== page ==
The first one is the ground based radar, basically modernization efforts.


So the program is called GMAS.


So under the Space Domain Awareness and Combat Power PEO out of Space Systems Command for the Strategic Warning and Surveillance Systems Group, we are basically sustaining and modernizing seven ground based radars.


So they are focused on the missile warning mission.


They basically surround and provide coverage around the United States looking for missile launches, but they also have a dual function really looking at the Space Domain Awareness Mission as well and tracking satellites in space as well.


That's fantastic.


Yeah, I imagine the need is great.


And this just sounds like a really fantastic opportunity to bring things up to speed where we would like them to be.


It is.


So if you think back to back when General Gutlein was running Space Systems Command, you know, you talk about exploiting the assets, exploiting what we have, right, as one of his key tenets.


And that's really taking the radars that have been out there for decades, right, serving a purpose.


But how do we modernize them and bring them into the current age and look at, you know, leveraging the technology software that we have today and how can we get more out of the capabilities that we have.


So GMass is focused very much on doing that with the ground based missile warning radars.




Can we talk at all about the approach?


Is that something we can discuss or is that?


Well, I would just say, you know, if you look at a lot of these radars, they're massive radars, right, but they were built decades ago.


So when you look at not only the hardware technology, but really the software on the back end of how do you fuse data, how do you really look at just getting more actionable information out of it, right?


How can we process that data differently and get different results?


So the other contract that I should mention is the DTAM contract, which is looking at modernizing the launch ranges.


So both the East Coast and West Coast have launch ranges.


So Cape Canaveral, which everyone is mostly familiar with.


And the other one is out at Vandenberg Space Force Base.


So those two launch ranges have been around for decades, but if you think about the pace of launches over the last few years, it has absolutely skyrocketed, right?


The ranges and the equipment at the ranges were not really sized for the current scale of launches.


And if you look to the future, that is going to continue to grow exponentially.


So on the DTAM contract, we're looking at modernizing the ranges to support up to really 300 launches a year is the goal.


So a lot of work to really same thing, right?


There's a lot of subsystems involved in managing in a safe way the launches of satellites from the East and Western Coast.


How do we drive commonality and similar infrastructure on both coasts and really bring them into the new age?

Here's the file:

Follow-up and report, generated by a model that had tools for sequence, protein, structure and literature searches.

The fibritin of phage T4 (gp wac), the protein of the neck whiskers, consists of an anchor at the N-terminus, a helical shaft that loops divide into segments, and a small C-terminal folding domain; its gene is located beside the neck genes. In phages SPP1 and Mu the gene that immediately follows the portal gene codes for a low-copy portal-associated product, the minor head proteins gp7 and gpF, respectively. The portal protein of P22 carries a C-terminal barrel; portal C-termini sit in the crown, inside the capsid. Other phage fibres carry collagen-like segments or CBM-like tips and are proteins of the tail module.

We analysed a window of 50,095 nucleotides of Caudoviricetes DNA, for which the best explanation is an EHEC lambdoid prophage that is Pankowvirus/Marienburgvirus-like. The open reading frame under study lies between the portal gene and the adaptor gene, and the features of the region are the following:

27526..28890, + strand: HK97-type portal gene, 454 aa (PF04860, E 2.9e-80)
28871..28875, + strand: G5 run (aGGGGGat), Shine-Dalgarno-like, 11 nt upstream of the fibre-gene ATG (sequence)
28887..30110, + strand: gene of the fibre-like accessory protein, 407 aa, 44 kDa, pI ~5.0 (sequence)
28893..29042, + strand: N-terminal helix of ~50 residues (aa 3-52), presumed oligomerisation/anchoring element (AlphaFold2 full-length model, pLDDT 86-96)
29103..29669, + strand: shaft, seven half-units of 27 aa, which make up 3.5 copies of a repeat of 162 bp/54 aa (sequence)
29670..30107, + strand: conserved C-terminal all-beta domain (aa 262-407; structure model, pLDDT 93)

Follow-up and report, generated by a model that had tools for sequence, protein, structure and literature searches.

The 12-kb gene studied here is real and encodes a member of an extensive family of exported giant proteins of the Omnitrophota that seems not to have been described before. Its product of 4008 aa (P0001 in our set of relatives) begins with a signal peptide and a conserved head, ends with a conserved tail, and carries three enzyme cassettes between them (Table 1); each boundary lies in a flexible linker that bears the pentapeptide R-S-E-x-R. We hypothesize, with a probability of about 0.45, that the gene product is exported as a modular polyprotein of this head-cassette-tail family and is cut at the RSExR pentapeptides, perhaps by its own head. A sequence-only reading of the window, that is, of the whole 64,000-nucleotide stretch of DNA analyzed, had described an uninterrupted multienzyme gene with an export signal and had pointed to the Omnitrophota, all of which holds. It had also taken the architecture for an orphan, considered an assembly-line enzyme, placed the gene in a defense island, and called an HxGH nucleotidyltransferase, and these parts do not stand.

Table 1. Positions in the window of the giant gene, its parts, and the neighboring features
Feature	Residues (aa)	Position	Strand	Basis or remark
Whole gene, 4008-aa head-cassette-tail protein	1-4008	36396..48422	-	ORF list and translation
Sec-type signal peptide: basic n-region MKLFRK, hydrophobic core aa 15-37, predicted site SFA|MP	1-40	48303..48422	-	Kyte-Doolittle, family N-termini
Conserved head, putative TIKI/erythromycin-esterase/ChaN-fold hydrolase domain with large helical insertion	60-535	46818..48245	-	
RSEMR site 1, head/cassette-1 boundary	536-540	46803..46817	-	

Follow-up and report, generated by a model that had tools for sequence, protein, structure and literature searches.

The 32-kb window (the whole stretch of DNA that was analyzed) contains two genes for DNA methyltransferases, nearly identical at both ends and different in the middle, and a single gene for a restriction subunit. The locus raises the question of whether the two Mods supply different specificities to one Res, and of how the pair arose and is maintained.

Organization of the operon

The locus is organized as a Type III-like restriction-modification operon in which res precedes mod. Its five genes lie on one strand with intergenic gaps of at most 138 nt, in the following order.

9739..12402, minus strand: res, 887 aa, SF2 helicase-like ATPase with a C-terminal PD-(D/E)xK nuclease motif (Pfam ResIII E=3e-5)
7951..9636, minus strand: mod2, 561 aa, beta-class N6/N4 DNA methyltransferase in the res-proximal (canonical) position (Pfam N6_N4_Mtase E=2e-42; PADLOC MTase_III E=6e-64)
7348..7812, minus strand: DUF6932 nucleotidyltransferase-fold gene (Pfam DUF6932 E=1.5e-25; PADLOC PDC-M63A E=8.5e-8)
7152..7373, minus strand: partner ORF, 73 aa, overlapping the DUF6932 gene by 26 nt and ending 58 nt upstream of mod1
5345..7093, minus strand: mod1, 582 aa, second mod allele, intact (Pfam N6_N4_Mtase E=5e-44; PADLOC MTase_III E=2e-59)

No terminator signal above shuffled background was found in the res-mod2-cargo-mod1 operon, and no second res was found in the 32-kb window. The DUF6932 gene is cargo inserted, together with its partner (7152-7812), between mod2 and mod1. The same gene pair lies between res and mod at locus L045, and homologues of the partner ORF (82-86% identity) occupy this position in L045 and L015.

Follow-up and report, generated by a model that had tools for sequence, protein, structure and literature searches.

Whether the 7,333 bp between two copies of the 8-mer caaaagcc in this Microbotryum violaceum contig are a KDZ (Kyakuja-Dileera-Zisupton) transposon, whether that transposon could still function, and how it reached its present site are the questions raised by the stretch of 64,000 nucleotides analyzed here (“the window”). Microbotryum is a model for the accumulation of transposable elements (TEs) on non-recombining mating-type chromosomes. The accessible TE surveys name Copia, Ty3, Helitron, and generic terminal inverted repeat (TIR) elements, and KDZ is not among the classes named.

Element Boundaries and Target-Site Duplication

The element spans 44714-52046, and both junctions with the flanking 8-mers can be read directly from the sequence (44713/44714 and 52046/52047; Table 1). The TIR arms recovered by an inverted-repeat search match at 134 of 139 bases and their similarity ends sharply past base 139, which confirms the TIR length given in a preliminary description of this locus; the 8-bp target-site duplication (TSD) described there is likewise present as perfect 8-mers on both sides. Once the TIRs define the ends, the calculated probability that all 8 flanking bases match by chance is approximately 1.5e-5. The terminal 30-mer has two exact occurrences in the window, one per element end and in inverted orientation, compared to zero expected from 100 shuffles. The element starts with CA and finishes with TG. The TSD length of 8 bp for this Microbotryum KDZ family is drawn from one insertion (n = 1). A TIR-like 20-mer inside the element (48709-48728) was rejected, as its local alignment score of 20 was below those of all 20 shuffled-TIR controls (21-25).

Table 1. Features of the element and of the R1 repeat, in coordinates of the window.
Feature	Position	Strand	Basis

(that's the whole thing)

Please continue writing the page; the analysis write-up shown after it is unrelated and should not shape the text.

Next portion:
So I imagine again, this is when we say modernizing, it means all things like hardware, software.


Hardware, software, how can you really migrate a lot of capability to the cloud, right?


A lot of capability those built decades ago is really all on-prem hardware.


How can we use the cloud to scale the abilities that we have and build common operating pictures, leverage AI and software to provide more capability with less manpower than previously required?


Fantastic, Praveen.


Thank you so much.


And I want to make sure I give you a chance to wrap up before we move over to Joe.


So anything that you wanted to mention now is your chance.




Well, I'll just say really across both contracts, if you look at what SAIC is doing, we're bringing mission expertise into an integration type of effort.


So as you get to really the new space and modernizing space, instead of the large stovepipe systems, it's really about how do you get more capability and bring all these proliferated architectures together and integrate them to deliver mission capabilities.


So with both of these contracts, along with everything else we're doing, we're really bringing SAIC mission integration capability to bear across a range of different mission areas.


So I guess one thing to add across GMAS, DTAM, and really the range of programs that SAIC is solutioning.


Digital engineering is a major part of that.


When I talked about mission integration, it's bringing, you know, SAIC has a product called Ready One, which is a full-blown digital engineering suite that we are bringing to bear across a range of programs.


It's really allowing us to look at systems of systems and closing mission threads across a range of different customers and solutioning that ahead of time digitally so that when you move to the actual hardware or software space, you really know what's going to be implemented.


So digital engineering is a major part of both of these programs as we look to modernize both the launch ranges and the ground-based missile warning radar enterprise.